- Teika: The Life and Works of a Medieval Japanese Poet by Paul S. Atkins
Fujiwara no Teika (藤原定家, hereafter Teika; 1162–1241) is, undoubtedly, one of the most famous waka 和歌1 poets in Japanese history. In the past two decades, there have been substantial English-language studies of well-known literary projects that involve Teika. For instance, Laurel Rasplica Rodd has recently published a milestone translation of the complete Shinkokin wakashū 新古今和歌集 (1205; also known as Shinkokinshū 新古今集), the imperially commissioned anthology compiled under Teika's editorial leadership; Robert N. Huey studies this anthology contextually in much detail in his book The Making of Shinkokinshū.2 Another set of scholarship deals with the popular Ogura hyakunin isshu 小倉百人一首, a collection of one waka each by one hundred poets said to have been selected by Teika and later immortalized as a karuta かるた game with decorated cards; Pictures of the Heart: The Hyakunin isshu in Word and Image by Joshua Mostow is a representative example.3 Another productive approach, epitomized by Steven D. Carter's Householders: The Reizei Family in Japanese History, is to understand Teika's figure through his genealogical legacy.4
But as Atkins aptly notes, surprisingly, there has not been an in-depth English-language monograph dedicated entirely to the life and works of Teika. This monograph thus represents a much-needed, classic single-author study that fills this void thoroughly and with great care. As Atkins clearly spells out in the introduction, his main question is: "Why Teika?"—that is, What is Teika's significance within and beyond his lifetime, in literary realms as well as in the larger cultural arena? The answers to this question are provided from various angles in the chapters that follow. [End Page 269]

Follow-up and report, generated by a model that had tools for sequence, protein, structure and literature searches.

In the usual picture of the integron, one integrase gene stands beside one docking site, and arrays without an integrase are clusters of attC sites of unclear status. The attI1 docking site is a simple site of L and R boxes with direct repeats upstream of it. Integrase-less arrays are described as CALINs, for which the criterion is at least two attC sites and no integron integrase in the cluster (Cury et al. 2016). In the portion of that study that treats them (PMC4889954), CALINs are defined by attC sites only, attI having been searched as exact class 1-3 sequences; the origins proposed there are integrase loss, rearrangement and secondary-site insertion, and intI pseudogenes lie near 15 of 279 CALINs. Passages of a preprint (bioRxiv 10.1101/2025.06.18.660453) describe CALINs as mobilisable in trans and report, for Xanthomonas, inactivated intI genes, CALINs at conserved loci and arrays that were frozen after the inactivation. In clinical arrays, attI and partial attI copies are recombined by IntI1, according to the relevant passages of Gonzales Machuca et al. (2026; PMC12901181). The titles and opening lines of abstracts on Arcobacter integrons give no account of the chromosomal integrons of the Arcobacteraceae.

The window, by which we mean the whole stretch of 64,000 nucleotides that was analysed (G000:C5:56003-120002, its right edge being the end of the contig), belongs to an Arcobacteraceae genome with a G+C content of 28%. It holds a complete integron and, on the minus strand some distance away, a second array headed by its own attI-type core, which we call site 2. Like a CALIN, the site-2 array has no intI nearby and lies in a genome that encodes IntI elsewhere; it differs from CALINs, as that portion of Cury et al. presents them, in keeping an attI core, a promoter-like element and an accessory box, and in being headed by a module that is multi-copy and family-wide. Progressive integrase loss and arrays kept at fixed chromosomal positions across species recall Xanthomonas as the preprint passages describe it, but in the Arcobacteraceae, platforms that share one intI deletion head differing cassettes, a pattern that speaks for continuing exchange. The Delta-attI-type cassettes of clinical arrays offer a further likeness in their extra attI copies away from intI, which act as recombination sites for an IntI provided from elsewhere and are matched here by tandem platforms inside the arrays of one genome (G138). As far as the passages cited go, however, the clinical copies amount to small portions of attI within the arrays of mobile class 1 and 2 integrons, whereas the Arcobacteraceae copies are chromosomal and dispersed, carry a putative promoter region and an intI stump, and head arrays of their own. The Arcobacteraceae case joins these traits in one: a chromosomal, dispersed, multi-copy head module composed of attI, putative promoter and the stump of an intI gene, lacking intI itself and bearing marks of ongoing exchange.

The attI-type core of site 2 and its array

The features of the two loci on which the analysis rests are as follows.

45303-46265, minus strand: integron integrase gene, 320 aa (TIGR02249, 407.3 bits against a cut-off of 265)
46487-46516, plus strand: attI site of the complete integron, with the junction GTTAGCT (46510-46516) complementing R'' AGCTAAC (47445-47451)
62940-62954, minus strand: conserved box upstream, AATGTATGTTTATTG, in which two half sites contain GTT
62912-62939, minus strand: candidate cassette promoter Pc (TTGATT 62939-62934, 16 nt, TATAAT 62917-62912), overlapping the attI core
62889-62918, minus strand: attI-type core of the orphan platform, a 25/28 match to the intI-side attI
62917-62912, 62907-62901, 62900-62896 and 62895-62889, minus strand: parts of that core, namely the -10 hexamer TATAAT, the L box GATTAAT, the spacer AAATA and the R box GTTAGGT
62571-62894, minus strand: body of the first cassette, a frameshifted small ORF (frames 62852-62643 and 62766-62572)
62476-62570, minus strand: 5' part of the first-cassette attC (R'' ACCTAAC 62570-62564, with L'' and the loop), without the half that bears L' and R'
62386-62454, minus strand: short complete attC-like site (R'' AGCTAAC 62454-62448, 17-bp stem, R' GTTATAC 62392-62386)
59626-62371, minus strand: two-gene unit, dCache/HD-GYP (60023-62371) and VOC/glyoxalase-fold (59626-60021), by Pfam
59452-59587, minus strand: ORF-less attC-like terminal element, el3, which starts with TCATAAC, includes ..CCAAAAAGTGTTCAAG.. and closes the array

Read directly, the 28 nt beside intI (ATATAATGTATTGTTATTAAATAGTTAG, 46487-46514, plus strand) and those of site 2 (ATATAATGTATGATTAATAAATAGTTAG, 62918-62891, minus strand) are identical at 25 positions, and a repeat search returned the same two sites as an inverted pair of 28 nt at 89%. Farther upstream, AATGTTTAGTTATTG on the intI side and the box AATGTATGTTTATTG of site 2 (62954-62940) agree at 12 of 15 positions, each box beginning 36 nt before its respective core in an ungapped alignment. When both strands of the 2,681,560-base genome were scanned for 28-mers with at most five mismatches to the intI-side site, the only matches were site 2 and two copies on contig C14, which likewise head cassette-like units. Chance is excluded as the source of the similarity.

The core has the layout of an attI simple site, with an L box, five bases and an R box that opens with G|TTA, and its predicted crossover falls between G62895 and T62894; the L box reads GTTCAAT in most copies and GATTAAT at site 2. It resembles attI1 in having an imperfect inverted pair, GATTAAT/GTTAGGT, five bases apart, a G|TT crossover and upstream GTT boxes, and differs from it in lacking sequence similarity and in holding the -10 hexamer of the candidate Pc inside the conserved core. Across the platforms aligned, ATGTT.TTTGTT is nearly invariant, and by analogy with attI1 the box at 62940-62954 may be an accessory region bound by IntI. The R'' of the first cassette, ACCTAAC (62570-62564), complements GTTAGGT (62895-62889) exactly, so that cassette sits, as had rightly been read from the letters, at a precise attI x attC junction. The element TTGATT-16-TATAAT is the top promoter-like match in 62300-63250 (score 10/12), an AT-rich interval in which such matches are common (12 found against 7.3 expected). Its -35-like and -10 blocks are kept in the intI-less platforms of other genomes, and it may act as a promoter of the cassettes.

Chapter 1 provides Teika's broad biographical sketch, starting with his family background and noting key life moments, including the trajectory of his sometimes-fraught career, his famous literary accomplishments, his complicated relationships with powerful patrons, such as Kujō Yoshitsune 九条良経 (1169–1206) and Emperor Gotoba 後鳥羽 (1180–1239), and the impact of events, such as the Jishō-Juei Wars 治承寿永の乱 (1180–1185; more popularly known as the Genpei 源平 War) and the Jōkyū Rebellion 承久の乱 (1221). The next two chapters delineate the defining characteristics of Teika's poetry. Chapter 2 explores Teika's poetic style by outlining the specific strategies through which he and his allies distanced their work from the pejorative label daruma uta 達磨歌 (Bodhidharma verse)—verses that are too opaque to comprehend. Instead, they distinguished themselves as innovators who used canonical words in new ways (such as the use of inverted syntax or verses ending with a noun), guided by a steadfast sense of fuzei 風情 (discriminating taste) while aspiring to the ideal of yūgen 幽玄 (often defined as mystery and depth). Chapter 3 takes a closer look at Teika's stated poetics as gleaned from an array of his writings. This project involves first an assessment of the various texts that have been associated with Teika. Atkins provides a methodical taxonomy of these texts, listing them from the most to the least trustworthy in terms of authorial attribution. He then organizes Teika's scattered comments into a coherent poetics by relying solely on the most dependable sources. Atkins's analysis shows that Teika privileged poetry of antiquity (though not too antique) and encouraged both lexical conservatism and allusive poetic quotations (honkadori 本歌取り), but the poet also suggested that poetic words should express new sentiments and create an out-of-the-ordinary atmosphere. Chapter 4 turns to Teika's sinographic writings and works about China. After surveying a number of such texts, both prose and poetry, Atkins critiques past scholarly positionings of China vis-à-vis Japan, concluding that the cultural relationship was less fraught or rivalrous than previously claimed. Rather, he asserts, Teika operated smoothly across a range of hybrid literary languages within the Japanese and Chinese milieu. Chapter 5 traces the history of Teika's literary afterlife, starting with his contemporaries and ending with ours. This chapter provides a sweeping look at important moments...